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Tick, Tick, Tick: Athletes’ Grueling Wait for an Olympic Moment

Tick, Tick, Tick: Athletes’ Grueling Wait for an Olympic Moment
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Tick, Tick, Tick: Athletes’ Grueling Wait for an Olympic Moment

Tick, Tick, Tick: Athletes’ Grueling Wait for an Olympic Moment

TOKYO – The Olympics, for all their charm, are a pretty cruel setup.

They are a four year time bomb. The best athletes in the world are given a date and time to perform. They prepare, often in solitude and anonymity, for a single moment in the calendar. It is getting closer with each tick of the clock.

As the countdown nears zero, a sea of ​​strangers who expect to be entertained turns their collective gaze in their direction, eager to hand out pass-fail notes. Reputations are made or broken. Lives are changed.

No sporting event is like the Olympics.

“The scale of everything is a bit difficult,” said Naomi Osaka, after losing a tennis match in the third round after lighting the Olympic cauldron to open the Tokyo Games.

The timeline doesn’t care if you’re ready. Adam Ondra, considered the best climber in the world, recognizes this even before he reaches his Olympic moment, as sport climbing makes its debut next week.

“At the Olympics or any given competition, you’re just told to climb now,” Ondra said. “And you’ve been training for many weeks and months before, knowing you have to be ready for that day.”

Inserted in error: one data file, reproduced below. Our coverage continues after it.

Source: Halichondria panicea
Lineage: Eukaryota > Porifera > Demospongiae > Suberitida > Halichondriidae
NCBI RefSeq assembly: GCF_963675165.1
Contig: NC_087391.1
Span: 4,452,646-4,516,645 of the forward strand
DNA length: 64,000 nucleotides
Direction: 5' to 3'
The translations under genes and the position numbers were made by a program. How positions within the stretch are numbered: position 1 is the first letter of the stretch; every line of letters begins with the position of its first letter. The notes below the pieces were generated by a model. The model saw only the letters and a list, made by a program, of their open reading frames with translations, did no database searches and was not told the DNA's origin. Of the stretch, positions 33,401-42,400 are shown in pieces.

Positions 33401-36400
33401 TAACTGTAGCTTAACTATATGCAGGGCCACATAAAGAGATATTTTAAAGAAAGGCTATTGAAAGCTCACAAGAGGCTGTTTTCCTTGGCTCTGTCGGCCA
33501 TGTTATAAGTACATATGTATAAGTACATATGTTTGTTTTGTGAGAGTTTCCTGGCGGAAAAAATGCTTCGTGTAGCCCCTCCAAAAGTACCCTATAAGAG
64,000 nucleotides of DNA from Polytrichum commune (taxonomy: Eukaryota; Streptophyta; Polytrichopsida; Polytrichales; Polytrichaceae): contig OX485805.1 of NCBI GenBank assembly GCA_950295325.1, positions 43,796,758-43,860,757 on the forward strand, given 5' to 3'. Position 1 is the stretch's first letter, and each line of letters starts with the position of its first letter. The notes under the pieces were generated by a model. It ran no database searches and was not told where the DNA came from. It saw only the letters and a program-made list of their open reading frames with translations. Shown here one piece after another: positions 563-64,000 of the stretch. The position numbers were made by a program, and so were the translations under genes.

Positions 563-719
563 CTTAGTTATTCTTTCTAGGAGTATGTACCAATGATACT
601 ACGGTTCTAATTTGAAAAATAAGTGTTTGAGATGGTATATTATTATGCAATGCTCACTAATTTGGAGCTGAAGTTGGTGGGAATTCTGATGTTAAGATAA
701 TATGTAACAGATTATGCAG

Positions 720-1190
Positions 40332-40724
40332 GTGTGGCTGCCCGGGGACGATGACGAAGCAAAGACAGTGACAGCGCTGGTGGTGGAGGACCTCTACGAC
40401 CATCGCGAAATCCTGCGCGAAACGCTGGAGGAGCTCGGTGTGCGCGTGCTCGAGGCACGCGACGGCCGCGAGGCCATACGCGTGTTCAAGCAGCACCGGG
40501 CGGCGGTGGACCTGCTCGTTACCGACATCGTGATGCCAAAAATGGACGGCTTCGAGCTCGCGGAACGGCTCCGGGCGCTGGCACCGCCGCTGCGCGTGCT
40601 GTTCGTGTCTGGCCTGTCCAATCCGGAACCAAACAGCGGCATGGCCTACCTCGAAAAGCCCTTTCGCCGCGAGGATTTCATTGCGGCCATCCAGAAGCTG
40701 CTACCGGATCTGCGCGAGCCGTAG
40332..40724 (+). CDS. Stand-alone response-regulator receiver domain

In its usual outer realm of large rock faces, culture works in reverse. The point is to find the moment, not to give it to yourself. You tackle the climb at your own pace, at the time of your choice, on a day when conditions are perfect and body and mind are in sync.

If everything doesn’t come together, if the timing isn’t right for you, you walk away.

At the Olympics, Ondra is scheduled to start performing on August 3 at 5 p.m. Tic, tick, tick.

The difference is not just aiming for the present moment. The audience is waiting.

“It’s the biggest pressure I have ever felt,” said Ondra. “Because normally the only pressure I feel comes from myself. “

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None of this is new to sports, but the dynamics play out in real time across the Tokyo Olympics. American gymnast Simone Biles is just one example, the greatest among many.

In the team competition on Tuesday night, she attempted a round. She didn’t feel it. She stopped. The timing seemed bad.

It was jerks, coming as the clock hit zero, when the world was listening to watch and judge.

She later explained that the joy of competing was replaced by the pressure to please others. Without it, the US women’s gymnastics team won silver.

“We hope America still loves us,” Biles said.

Hidden in that sad statement hides a twist: Who are the Olympics for? – and an echo of other athletes who feel the pain of disappointing strangers.

But it’s a complicated relationship. More than ever, athletes feel compelled to promote themselves, use social media to attract fans and please sponsors, some who provide the bulk of an athlete’s livelihood. Many in Tokyo have posted on social media regularly, sharing their experiences, balancing training and focus with shares and likes.

It may not be a coincidence that mental health issues are on the rise in the age of social media.

But bringing an audience to the Olympics can be a reminder that these faceless fans can look forward to something when the time comes. Australian swimmer Ariarne Titmus, who won gold in her first two Olympic finals, said she removed all social media apps on her phone.

“It can be a little overwhelming at times,” she said.